Martí-Franquès COFUND Fellowship Programme


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Engineering and Architecture

Supervisor name and surname:

Alberto Coronas

Supervisor email:

Supervisor short biography

Co-supervisor name and surname:

Mahmoud Bourouis / Jose Miguel Corberan

Co-supervisor email: /

Co-supervisor institution:

Universitat Rovira i Virgili; Universitat Politecnica de Valencia

Co-supervisor short biography

PhD programme:

Fluid Mechanics

Title of the research project:

Theoretical and experimental investigation on sorption processes with water/LiBr mixtures in advanced heat and mass exchangers for absorption heat pumps

Description of the research project:

Absorption heat pumps (AHPs) are recognized for their energy-saving potential when they are driven by low-grade heat or renewable heat sources. AHPs are only present in the space cooling market and cannot produce heating due to the limitations of its main working fluid, water/LiBr. This fluid mixture has very good thermophysical properties, but it also suffers from certain problems such as crystallization of the LiBr, corrosivity, etc.
The absorber and desorber are the most important components in AHPs playing a critical role in the overall performance, physical size, and capital cost of the system. Both heat and mass transfers take place simultaneously in these components. The design and configurations of the absorber and desorber significantly influence their performance. Therefore, there is a need to improve heat and mass transfer processes in these components in order to contribute to their technological development, overcome the barriers that limit their competitiveness and diffusion, and assist in meeting the growing demand for energy and current climate change challenges. This has resulted in an increasing interest in heat and mass transfer enhancement and miniaturization of the main components of these systems using passive techniques such as advanced heat exchangers, membrane contactors, additives, and nanofluids.
Use of asymmetric plate heat exchangers and membrane contactors in AHPs are considered as alternative technologies for minimizing the size of this equipment and extending their operation range. The performance of heat and mass transfer in the components is significantly improved because of better wettability and mixing at low solution flow rates and higher area to volume ratio available. Few investigations are available in the open literature on the use these components in AHPs. These have demonstrated that; (i) there is still a lack of experimental information on the performance of these components, (ii) there is a lack of comprehensive evaluation and design criteria for the definition of the geometrical and flow characteristics of absorbers and desorbers based on these technologies to increase the absorption and desorption rates.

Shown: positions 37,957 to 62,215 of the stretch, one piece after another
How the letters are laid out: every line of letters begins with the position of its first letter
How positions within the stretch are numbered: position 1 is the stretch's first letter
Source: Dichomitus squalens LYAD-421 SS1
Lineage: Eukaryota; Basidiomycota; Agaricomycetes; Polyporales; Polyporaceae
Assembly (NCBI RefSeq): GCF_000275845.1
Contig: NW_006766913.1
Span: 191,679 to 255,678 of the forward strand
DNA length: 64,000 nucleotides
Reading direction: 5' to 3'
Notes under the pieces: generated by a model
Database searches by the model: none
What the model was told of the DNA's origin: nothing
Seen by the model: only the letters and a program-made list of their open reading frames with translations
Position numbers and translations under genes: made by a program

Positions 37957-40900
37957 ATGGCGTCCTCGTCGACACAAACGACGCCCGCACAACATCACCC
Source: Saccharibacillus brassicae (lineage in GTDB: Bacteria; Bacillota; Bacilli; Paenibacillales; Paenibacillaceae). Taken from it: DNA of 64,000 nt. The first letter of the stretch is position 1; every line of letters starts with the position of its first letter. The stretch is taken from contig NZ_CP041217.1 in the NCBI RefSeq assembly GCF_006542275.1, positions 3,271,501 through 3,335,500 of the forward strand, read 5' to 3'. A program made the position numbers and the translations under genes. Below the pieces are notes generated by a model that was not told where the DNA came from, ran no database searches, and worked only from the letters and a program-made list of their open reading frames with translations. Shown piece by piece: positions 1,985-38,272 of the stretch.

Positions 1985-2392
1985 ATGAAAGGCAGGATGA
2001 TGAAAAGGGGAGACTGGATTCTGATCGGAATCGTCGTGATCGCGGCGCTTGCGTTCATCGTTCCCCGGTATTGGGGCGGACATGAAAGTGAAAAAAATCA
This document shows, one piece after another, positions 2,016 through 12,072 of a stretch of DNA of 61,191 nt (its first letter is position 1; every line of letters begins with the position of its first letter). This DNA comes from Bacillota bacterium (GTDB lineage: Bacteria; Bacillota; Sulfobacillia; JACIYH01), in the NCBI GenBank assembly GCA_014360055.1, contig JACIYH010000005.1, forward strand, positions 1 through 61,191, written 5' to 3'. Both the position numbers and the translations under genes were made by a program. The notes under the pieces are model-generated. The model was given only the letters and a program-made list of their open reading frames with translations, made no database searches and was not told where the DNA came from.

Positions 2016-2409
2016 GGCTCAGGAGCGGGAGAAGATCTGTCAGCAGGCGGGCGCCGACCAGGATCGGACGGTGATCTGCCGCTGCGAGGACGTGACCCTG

According to the analysis presented above, the main objective of the research project is the development of advanced heat and mass exchangers for the absorber and desorber of new water-LiBr Absorption Heat Pumps for space heating and cooling applications in order to be compact and competitive from energy, environmental and economic perspectives with respect to conventional systems.
To achieve the main goal, the absorption and desorption processes with water/LiBr based solutions will be studied for a selected technology to determine the wettability behavior, the heat and mass transfer coefficients and other efficiency criteria under the working conditions of Absoprtion Heat pumps used for both heating and cooling mode. An experimental set-up will be built and equipped with the necessary measurements sensors in order to collect redundant data that allow to examine the quality of the database and if necessary to apply a data reconciliation method. Results of the experimental studies will be used to develop semi-empirical models of the heat and mass transfer coefficients that will be implemented in a simulation tool.
Ethics: This project does not involve ethical aspects.

Workplace location: Campus Sescelades, Tarragona

Gross anual salary:

27103.20 €


Full time

Working hours:

37.5 hours a week

Expected start date:

15 March 2021

European union This project has received funding from the European Union's Horizon 2020 research and innovation programme under the Marie Skłodowska-Curie grant agreement No. 945413